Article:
Ranking the Best and Worst Versions of Randy Orton over 18-Year WWE Career
On Monday's WWE Raw, Ric Flair anointed Randy Orton as the greatest wrestler in the history of the company.
Of course, this is only a subjective viewpoint on The Nature Boy's part, but it's inarguable that The Viper has had an impressive career.
For nearly 20 years, he's been at or around the top of the business no matter what tweaks he's made to his character.
Now, with his current storyline playing heavily into reminding everyone just how far he's come, let's look back and rank Orton's personas in WWE from worst to best.
9. Rookie Randy
While characters like The Undertaker debut with a gimmick already sorted out, most Superstars start off as generic wrestlers.
Such was the case in 2002 with Orton, who came in as just himself: a talented prospect and the son of Hall of Famer "Cowboy" Bob Orton.
However, The Viper wasn't anything in particular when he started. He was just a kid with potential who had yet to find himself.
Overall, that's on the bland side compared to his other personas, but it's expected that he wouldn't hit his peak with this lack of character.
8. Randy News Network
To get injured within weeks of debuting would normally be a disaster, but it was a blessing in disguise for Orton.
While out of action rehabbing his shoulder, he would continually give updates on his status with the Randy News Network, which transitioned him toward the role of a self-centered heel.
It was the first chance for him to show some actual character and tap into his villainous side that would carry him through most of his career.
For a temporary gimmick at the beginning of his run, this did its job and helped ease him into his future role as a member of Evolution and beyond.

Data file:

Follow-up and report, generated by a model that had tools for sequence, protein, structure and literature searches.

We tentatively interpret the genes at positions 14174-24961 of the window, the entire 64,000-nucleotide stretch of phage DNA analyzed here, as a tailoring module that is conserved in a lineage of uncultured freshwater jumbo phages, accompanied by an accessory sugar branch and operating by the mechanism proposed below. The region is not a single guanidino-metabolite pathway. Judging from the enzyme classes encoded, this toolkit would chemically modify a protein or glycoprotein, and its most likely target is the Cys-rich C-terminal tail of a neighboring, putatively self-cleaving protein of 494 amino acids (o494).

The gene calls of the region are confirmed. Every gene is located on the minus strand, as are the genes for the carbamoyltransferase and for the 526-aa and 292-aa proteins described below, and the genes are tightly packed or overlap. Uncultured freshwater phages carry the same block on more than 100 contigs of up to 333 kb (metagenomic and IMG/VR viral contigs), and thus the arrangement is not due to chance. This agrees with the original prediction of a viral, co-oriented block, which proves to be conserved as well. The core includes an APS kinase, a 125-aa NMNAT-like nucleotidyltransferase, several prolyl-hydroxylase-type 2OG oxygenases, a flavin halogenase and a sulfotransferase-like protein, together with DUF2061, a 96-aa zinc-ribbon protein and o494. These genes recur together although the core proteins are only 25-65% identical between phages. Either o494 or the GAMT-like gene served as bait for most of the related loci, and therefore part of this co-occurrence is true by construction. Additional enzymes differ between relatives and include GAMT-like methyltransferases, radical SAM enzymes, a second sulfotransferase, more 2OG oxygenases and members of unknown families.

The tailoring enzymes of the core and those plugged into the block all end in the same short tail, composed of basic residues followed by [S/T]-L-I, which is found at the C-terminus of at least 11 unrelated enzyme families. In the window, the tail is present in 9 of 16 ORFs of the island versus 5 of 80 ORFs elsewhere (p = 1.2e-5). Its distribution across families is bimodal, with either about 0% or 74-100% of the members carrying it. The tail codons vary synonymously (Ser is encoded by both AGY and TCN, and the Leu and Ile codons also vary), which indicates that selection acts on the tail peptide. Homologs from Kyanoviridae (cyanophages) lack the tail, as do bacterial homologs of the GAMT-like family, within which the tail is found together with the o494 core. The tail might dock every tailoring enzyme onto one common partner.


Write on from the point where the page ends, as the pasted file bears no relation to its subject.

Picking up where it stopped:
7. A Member of The Wyatt Family
For a brief moment in late 2016, it was interesting to see Orton join The Wyatt Family. The cult-like stable had never had someone of his caliber in their ranks, and he was drastically different from everyone else.
Instead of just another giant wrestler with a big beard and sloppy gear, he was the same crisp, polished athlete as he ever was. That meant there was a chance he could provide something new to the group.
What happened, though, was nothing of the sort.
All this version of Orton did was act the same but this time while teaming with Bray Wyatt and Luke Harper. He did Wyatt's bidding but never without the impression it was all a ruse.
That turned out to be true when he turned on Wyatt after winning the 2017 Royal Rumble and revealed what we all knew from the start: His plan was into get the group and destroy them from within.
This was largely just a regular storyline of a tag team split, but since it was hard to buy into Orton fully supporting Wyatt from the start, it never got the right traction with fans.
6. Standard Apex Predator
From 2010 to 2013, Orton had a rather uneventful stretch of his career.